0800 482 776
0800 482 776
0800 482 776
0800 482 776
Bursting with culture and colour, Thailand’s capital Bangkok features traditional gold palaces that bask in the shadows of soaring office towers while the streets feature vibrant market stalls and beaming neon signs. This is a destination full of contradictions and infectious energy.
Winter never really comes to Bangkok. The change in weather is instead more noticeable with the transition from wet season to dry season. Bangkok is said to have the highest average temperature of anywhere in the world. The city reaches its peak from March to August when the days usually reach well over 30 degrees and occasionally into the early 40s. The southwest monsoon arrives in May and lasts through into November. During these months rain and humidity occur with August and September copping the brunt of it. Even in the dry months from December to April the average maximum temperatures still measure in the early 30s.
Though the temperatures are still high, the dry months are the best time to travel to Bangkok because there is less humidity and downpours are less frequent. This period is also the peak travel season as it occurs during the Christmas and holiday breaks. During this time it can get quite busy, but then again Bangkok in general is a bustling city.
Holidaying in the summer months shouldn’t be totally ruled out though. In mid-April, the hottest part of the year, Thais celebrates Songkran, also known as the Thai New Year. This celebration is the biggest in the Thai calendar and sees locals in Bangkok and other cities take to the streets to throw water at each other. The tradition originates from water blessings and has grown to all out water fights. Be prepared to get wet and laugh a lot.
While it is physically possible to venture to Thailand via its shared boarders, this can be tricky and not always safe. The best way to get to Bangkok is by air. Airlines that fly from New Zealand include:
Flights from Auckland to Bangkok usually take about thirteen hours. Flights may include stopovers in Kuala Lumpur, Singapore, Guangzhou, Shanghai, Ho Chi Minh City or Manila depending on the airline. Bangkok has two international airports; Suvarnabhumi Airport and Don Mueang International Airport.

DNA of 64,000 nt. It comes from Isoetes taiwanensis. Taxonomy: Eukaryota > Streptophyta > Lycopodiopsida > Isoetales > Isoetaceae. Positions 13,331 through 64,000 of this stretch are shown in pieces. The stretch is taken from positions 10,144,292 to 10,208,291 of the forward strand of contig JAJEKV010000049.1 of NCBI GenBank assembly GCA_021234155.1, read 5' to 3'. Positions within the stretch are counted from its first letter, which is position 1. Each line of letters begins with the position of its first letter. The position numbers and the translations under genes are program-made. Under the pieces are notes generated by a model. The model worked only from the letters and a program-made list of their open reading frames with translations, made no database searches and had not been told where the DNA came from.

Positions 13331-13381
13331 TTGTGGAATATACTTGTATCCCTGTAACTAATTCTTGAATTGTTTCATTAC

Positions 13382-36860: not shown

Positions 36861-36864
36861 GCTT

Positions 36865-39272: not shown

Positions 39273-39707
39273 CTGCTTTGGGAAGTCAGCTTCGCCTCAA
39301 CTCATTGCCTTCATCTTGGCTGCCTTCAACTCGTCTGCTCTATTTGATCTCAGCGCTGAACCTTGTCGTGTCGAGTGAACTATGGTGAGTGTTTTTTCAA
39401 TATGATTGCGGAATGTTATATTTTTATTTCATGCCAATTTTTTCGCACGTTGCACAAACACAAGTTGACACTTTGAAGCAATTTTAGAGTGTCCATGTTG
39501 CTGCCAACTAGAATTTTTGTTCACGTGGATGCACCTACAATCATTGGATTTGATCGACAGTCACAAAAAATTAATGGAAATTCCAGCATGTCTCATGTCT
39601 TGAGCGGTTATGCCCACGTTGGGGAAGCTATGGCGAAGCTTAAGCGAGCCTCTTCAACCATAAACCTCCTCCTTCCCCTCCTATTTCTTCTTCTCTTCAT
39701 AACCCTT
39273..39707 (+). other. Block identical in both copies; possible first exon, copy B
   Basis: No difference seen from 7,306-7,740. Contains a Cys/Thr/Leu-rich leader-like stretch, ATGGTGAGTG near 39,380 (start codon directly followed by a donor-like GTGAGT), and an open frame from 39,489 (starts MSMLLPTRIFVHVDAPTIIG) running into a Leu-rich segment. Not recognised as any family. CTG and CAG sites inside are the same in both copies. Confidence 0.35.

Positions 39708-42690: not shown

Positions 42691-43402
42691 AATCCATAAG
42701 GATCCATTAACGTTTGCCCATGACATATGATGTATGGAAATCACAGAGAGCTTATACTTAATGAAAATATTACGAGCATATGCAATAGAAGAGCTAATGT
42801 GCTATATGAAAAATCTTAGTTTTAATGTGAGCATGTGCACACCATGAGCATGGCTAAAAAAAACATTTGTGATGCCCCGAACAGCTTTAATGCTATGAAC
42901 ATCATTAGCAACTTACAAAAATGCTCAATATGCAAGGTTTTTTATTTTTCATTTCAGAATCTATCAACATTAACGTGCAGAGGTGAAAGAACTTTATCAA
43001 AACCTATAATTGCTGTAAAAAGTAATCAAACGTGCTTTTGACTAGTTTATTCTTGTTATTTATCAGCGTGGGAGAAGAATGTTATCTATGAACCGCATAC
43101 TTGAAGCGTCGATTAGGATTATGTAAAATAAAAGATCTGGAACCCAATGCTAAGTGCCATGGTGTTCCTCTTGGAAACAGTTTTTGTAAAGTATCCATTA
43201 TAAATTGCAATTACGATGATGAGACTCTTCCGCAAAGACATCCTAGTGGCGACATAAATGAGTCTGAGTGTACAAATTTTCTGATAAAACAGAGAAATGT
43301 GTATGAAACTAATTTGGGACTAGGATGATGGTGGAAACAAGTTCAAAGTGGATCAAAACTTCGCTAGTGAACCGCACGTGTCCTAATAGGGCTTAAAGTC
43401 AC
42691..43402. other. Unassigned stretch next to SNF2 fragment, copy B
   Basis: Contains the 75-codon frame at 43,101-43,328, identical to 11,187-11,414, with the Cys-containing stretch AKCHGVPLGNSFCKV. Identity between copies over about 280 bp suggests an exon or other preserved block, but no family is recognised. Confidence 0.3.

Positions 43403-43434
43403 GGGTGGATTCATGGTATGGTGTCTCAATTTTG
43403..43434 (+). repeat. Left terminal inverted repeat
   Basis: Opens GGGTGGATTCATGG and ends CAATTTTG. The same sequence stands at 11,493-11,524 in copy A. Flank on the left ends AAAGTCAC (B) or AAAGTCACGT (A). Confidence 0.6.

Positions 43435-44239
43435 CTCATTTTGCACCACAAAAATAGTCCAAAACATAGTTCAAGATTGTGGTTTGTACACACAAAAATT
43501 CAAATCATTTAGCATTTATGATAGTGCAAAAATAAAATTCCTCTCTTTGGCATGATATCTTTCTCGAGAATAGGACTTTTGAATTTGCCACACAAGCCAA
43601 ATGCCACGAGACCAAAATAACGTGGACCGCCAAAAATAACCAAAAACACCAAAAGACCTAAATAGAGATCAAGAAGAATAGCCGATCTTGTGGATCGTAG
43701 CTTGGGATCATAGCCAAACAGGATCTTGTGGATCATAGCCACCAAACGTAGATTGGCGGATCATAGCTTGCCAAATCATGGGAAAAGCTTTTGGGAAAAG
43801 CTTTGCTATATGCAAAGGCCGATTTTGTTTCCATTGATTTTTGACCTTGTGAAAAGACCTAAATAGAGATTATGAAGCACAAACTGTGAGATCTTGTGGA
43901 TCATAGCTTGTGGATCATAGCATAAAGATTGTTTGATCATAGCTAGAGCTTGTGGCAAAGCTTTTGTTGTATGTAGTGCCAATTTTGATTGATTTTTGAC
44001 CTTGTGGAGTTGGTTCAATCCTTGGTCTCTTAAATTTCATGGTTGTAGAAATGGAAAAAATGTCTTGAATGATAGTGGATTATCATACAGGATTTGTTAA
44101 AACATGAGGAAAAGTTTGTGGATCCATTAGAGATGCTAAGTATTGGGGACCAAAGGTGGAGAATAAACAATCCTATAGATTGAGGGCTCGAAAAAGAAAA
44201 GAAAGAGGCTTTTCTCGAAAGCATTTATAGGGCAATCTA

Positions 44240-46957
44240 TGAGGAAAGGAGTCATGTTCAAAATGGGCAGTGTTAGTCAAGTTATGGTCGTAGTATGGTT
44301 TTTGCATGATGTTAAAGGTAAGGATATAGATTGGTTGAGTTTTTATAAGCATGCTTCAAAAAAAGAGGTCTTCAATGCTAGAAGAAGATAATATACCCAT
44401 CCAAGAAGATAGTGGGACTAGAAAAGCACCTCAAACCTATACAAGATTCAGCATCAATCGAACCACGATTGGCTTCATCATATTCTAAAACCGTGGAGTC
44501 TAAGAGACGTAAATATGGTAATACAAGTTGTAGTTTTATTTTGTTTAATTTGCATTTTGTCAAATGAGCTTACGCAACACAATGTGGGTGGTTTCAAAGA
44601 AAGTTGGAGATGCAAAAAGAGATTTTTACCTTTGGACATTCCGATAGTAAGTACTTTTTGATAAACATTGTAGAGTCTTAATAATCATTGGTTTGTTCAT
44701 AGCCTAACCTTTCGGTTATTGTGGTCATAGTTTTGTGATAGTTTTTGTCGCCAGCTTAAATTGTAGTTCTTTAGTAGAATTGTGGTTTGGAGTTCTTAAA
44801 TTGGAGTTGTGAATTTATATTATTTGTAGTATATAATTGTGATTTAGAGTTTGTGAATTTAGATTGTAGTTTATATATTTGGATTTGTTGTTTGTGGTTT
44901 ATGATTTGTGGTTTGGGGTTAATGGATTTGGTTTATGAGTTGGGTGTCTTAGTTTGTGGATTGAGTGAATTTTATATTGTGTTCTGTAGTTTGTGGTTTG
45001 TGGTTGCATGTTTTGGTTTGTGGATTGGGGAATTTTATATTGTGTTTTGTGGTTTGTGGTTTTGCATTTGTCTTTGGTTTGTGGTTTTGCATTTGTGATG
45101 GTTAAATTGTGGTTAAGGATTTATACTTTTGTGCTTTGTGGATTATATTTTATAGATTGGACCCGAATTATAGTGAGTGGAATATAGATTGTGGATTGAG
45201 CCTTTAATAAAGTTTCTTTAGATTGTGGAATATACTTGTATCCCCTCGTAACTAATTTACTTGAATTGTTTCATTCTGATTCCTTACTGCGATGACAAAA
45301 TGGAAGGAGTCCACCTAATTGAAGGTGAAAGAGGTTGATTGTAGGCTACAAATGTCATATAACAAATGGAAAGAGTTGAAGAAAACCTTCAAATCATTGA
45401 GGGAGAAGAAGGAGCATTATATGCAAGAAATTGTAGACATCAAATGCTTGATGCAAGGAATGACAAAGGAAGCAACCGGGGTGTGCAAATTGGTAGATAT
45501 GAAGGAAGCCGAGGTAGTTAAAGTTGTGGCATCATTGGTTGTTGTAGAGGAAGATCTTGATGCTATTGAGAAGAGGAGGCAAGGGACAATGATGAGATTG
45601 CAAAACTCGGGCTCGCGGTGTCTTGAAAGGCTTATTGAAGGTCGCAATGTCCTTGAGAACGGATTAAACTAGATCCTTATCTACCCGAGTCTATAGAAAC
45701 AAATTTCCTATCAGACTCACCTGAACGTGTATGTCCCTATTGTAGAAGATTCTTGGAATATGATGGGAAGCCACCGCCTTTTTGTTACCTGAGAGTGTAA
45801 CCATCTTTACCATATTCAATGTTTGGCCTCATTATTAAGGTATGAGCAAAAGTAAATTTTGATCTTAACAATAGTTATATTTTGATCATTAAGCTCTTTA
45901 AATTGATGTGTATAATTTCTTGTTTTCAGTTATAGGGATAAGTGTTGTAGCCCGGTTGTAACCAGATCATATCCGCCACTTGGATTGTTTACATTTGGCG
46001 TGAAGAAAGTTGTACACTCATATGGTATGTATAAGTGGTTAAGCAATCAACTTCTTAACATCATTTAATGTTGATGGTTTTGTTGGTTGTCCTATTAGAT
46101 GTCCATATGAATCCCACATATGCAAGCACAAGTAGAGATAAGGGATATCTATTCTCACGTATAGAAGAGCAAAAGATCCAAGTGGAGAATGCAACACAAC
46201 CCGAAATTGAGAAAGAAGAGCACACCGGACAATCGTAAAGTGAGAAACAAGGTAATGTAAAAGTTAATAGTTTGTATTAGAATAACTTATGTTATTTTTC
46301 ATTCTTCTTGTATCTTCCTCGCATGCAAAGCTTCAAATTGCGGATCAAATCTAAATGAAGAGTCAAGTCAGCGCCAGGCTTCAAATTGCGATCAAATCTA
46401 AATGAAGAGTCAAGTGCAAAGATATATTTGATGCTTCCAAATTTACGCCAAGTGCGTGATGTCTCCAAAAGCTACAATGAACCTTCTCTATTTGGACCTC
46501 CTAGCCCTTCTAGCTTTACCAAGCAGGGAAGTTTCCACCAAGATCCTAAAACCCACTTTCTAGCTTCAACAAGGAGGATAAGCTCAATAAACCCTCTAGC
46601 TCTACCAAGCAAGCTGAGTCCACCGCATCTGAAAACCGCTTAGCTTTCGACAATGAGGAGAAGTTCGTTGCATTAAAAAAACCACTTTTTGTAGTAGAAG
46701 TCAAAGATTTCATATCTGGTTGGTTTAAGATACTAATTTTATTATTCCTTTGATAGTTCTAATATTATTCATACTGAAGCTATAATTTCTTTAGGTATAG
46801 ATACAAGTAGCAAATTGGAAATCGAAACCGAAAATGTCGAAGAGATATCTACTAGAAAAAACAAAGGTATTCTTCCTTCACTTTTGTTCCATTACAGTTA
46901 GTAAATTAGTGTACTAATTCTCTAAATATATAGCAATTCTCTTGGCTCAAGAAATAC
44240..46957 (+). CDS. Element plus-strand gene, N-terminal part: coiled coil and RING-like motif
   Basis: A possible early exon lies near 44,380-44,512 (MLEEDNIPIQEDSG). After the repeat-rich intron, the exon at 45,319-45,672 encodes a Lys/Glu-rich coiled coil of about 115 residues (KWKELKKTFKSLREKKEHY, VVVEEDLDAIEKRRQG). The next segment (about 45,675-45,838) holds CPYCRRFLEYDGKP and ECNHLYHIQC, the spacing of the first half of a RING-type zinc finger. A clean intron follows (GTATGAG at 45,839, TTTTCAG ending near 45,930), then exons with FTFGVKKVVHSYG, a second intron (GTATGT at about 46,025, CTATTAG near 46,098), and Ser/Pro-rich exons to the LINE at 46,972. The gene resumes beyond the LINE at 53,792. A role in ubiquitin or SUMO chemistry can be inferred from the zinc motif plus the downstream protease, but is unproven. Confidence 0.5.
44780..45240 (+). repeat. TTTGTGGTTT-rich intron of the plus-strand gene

Bangkok’s luxury hotels appear very grand on the outside and lavishly spacious on the inside. In spite of the impressive size, many of these hotels provide personal service and intimate privacy. Luxury hotels in Bangkok act as a calm sanctuary amongst the city noise, and are ideal for escaping the hectic city streets.
A lesson at one of Bangkok’s cooking schools is an exclusive opportunity to learn how to cook Thai cuisine from the experts. Take a guided tour through the markets, try your hand at cooking some of Thai’s most beloved dishes and return home with a few new recipes in your repertoire.
To find out more about the range of holiday accommodation available with Travel Associates call 0800 482 776 or enquire online.
Visiting Bangkok’s numerous temples has become almost a rite of passage for tourists. On any given day you’ll find packs of visitors cooing at glistening gold Buddas and towering architecture at one of Bangkok’s many temples. Some are more revenue driven and crowded than others. Try the Temple of the Reclining Buddha (Wat Pho) which is less packed than the more popular temples and is just as spectacular.
Bangkok’s colourful nightlife is world famous for a reason. From traditional cultural performances to go-go dances, these stage shows are uniquely Thai and not always for the faint hearted. An open mind and a sense of humour will see you get the most out of Bangkok’s nightlife.
Many tourists opt for a Thai massage while in Bangkok without realising that it can be quite a painful experience. Locals here prefer quite a hard approach which foreigners aren’t always used to. Skip the sore experience all together and enjoy a day of true relaxation at the luxurious Oriental Spa at Mandarin Oriental.
Leave some room in your suitcase for the journey home. Bangkok is a manufacturing hub so it’s recommended not to bring too much with you as you will probably be taking home a lot of clothing, gadgets and other items at a bargain price.
Light sleepers may find the ever present noise of Bangkok’s buzzing streets a little unbearable. Whether trying to snooze on a train ride or sleep in your hotel room, ear plugs will do you wonders.
Wai is a traditional Thai greeting that involves holding your palms together in a prayer and bow towards one another. The wai is also used when saying sorry or saying goodbye.
Family and respect are of the utmost most importance to Thai society and way of life. Thais avoid confrontation and criticism at all costs, believing that hostility attracts the wrath of spirits and may result in violence and tragedy.
The Thai King is held in high esteem, so always show respect towards His Highness.
Thai people are generally quiet and consider loudness to be impolite. Don’t raise your voice or laugh loudly unless in a bar or tourist resort.
Touching a Thai person on the head is perceived as an insult and should be avoided. Also remember to remove your shoes before entering a temple.
Stick to bottled water, as the tap water isn’t drinkable. Avoid drinks with ice, as the ice may be made from tap water.
Contact us to tailor-make your experience.
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